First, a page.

Health Care Reform and the Presidential Candidates

Source: New England Journal of Medicine, 2008

The editors asked Senator John McCain, the Republican presidential nominee, and Senator Barack Obama, the Democratic presidential nominee, to describe their plans for reforming the U.S. health care system. Their statements follow. In order to explore their positions in greater depth, the Journal and the Harvard School of Public Health cosponsored a Perspective Roundtable on September 12, 2008, entitled “Health Care in the Next Administration” and featuring senior health policy advisors David Cutler for Senator Obama and Gail Wilensky for Senator McCain. A video of the symposium can be seen at www.nejm.org.

Access to Quality and Affordable Health Care for Every American (John McCain)
Americans deserve leadership for real health care reform that provides access to high-quality medical care and ends spiraling costs. But the road to reform does not lead through Washington and a hugely expensive, bureaucratic, government-controlled system. We have all tangled with the existing bureaucracy enough to know that such an approach would diminish, not improve, quality. Our challenge is to protect and improve the care that doctors, nurses, and hospitals deliver, while increasing the availability and affordability of health insurance for Americans. I believe we can do this in a simple but powerful way: restoring doctors and patients to the center of health care decisions.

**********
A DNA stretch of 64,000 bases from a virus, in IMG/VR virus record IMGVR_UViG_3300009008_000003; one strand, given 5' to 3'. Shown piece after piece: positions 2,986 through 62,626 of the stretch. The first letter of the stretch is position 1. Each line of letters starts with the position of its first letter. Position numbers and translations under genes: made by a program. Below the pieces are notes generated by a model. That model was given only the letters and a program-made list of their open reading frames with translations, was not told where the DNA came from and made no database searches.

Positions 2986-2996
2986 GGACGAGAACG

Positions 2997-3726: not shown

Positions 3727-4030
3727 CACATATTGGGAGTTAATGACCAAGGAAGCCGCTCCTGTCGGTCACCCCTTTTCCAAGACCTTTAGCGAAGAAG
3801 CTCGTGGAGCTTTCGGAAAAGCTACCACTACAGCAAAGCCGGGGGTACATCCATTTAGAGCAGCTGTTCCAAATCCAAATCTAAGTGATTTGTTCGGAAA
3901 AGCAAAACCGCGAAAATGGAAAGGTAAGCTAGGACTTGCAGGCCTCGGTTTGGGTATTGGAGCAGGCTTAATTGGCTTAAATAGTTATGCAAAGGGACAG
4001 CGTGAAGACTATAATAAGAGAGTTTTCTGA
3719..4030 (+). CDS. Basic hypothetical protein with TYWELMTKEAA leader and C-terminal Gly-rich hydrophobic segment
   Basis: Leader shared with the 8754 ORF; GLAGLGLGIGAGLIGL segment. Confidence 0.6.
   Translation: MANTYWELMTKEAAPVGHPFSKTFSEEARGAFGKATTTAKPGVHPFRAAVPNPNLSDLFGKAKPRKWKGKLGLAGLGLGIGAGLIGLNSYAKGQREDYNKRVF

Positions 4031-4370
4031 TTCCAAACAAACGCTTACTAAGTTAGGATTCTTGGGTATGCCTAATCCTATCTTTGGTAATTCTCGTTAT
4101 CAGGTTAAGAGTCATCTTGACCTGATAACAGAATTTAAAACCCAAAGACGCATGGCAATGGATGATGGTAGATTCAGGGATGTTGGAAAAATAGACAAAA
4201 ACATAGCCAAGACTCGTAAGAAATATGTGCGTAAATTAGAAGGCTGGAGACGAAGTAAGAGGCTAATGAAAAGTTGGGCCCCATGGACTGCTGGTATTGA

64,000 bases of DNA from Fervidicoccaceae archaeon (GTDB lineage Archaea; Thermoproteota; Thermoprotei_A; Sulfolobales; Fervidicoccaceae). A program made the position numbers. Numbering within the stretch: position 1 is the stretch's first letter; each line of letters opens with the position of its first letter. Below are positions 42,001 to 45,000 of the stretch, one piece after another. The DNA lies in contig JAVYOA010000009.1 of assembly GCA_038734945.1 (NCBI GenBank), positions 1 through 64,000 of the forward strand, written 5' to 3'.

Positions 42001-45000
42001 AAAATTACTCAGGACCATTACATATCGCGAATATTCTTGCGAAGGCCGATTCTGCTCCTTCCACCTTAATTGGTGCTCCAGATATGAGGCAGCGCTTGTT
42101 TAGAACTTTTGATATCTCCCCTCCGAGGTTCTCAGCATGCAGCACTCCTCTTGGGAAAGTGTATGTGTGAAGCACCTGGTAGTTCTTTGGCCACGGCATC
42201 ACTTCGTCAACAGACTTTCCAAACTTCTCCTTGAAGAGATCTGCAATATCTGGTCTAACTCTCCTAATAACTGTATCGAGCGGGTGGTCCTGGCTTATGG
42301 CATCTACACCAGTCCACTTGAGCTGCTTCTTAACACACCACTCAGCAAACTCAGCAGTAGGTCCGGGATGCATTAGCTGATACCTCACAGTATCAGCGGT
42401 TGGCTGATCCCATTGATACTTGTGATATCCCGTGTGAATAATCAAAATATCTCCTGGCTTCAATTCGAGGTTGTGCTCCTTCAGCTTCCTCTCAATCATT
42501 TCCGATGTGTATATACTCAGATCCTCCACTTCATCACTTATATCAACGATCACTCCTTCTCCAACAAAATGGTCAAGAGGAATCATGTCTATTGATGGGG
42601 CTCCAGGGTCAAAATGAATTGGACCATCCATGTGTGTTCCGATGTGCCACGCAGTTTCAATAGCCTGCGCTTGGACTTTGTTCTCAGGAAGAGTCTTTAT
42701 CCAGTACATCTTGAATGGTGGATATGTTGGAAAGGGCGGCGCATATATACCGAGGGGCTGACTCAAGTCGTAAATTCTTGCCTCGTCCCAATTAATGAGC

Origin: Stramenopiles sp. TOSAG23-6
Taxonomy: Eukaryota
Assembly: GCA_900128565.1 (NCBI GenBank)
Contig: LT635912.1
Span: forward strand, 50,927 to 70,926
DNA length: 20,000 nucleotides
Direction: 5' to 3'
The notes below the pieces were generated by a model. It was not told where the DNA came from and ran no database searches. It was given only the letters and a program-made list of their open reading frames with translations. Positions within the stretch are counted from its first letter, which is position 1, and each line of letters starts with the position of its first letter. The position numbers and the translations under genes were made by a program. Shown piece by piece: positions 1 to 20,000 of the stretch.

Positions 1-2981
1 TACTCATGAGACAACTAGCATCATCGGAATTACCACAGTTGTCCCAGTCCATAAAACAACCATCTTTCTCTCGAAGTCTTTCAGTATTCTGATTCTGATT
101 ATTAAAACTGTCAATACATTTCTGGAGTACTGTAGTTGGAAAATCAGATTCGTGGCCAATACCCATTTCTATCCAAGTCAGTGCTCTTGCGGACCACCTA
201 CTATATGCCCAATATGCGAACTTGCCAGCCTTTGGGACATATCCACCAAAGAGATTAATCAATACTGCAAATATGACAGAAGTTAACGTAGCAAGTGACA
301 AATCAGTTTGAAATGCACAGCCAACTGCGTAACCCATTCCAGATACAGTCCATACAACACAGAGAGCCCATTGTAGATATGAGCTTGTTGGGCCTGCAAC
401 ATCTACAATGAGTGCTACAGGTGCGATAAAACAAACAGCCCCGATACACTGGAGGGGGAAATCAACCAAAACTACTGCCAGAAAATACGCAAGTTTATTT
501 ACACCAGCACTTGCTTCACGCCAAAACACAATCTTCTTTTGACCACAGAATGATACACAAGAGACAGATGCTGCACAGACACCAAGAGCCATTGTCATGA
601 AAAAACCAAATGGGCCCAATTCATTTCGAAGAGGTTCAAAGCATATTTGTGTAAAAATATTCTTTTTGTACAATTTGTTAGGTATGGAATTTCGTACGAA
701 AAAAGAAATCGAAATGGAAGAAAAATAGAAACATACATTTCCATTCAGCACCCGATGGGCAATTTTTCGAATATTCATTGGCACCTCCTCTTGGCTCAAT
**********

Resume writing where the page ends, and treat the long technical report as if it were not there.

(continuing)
Modern Health Care for All Americans (Barack Obama)
Doctors and other health care providers work in extraordinary times and have unrivaled abilities, but increasingly our health care system gets in the way of their sound medical judgment. Increasing uncompensated care loads, administrative rules, and insurers’ coverage decisions inappropriately influence the practice of medicine. Washington sends dictates but no help.

We need health care reform now. All Americans should have high-quality, affordable medical care that improves health and reduces the burdens on providers and families. Reform must emphasize prevention, not just treatment of the sick; reduce medical errors and malpractice claims; and make the practice of medicine rewarding again. I believe that by working together we can make these goals a reality.
Related:
Special Issue: Health Care
Source: Campaigns & Elections, October 2008
New Joint Center Report Examines 2008 President Candidates’ Health Care Platforms
Source: The Joint Center for Political and Economic Studies, 2008

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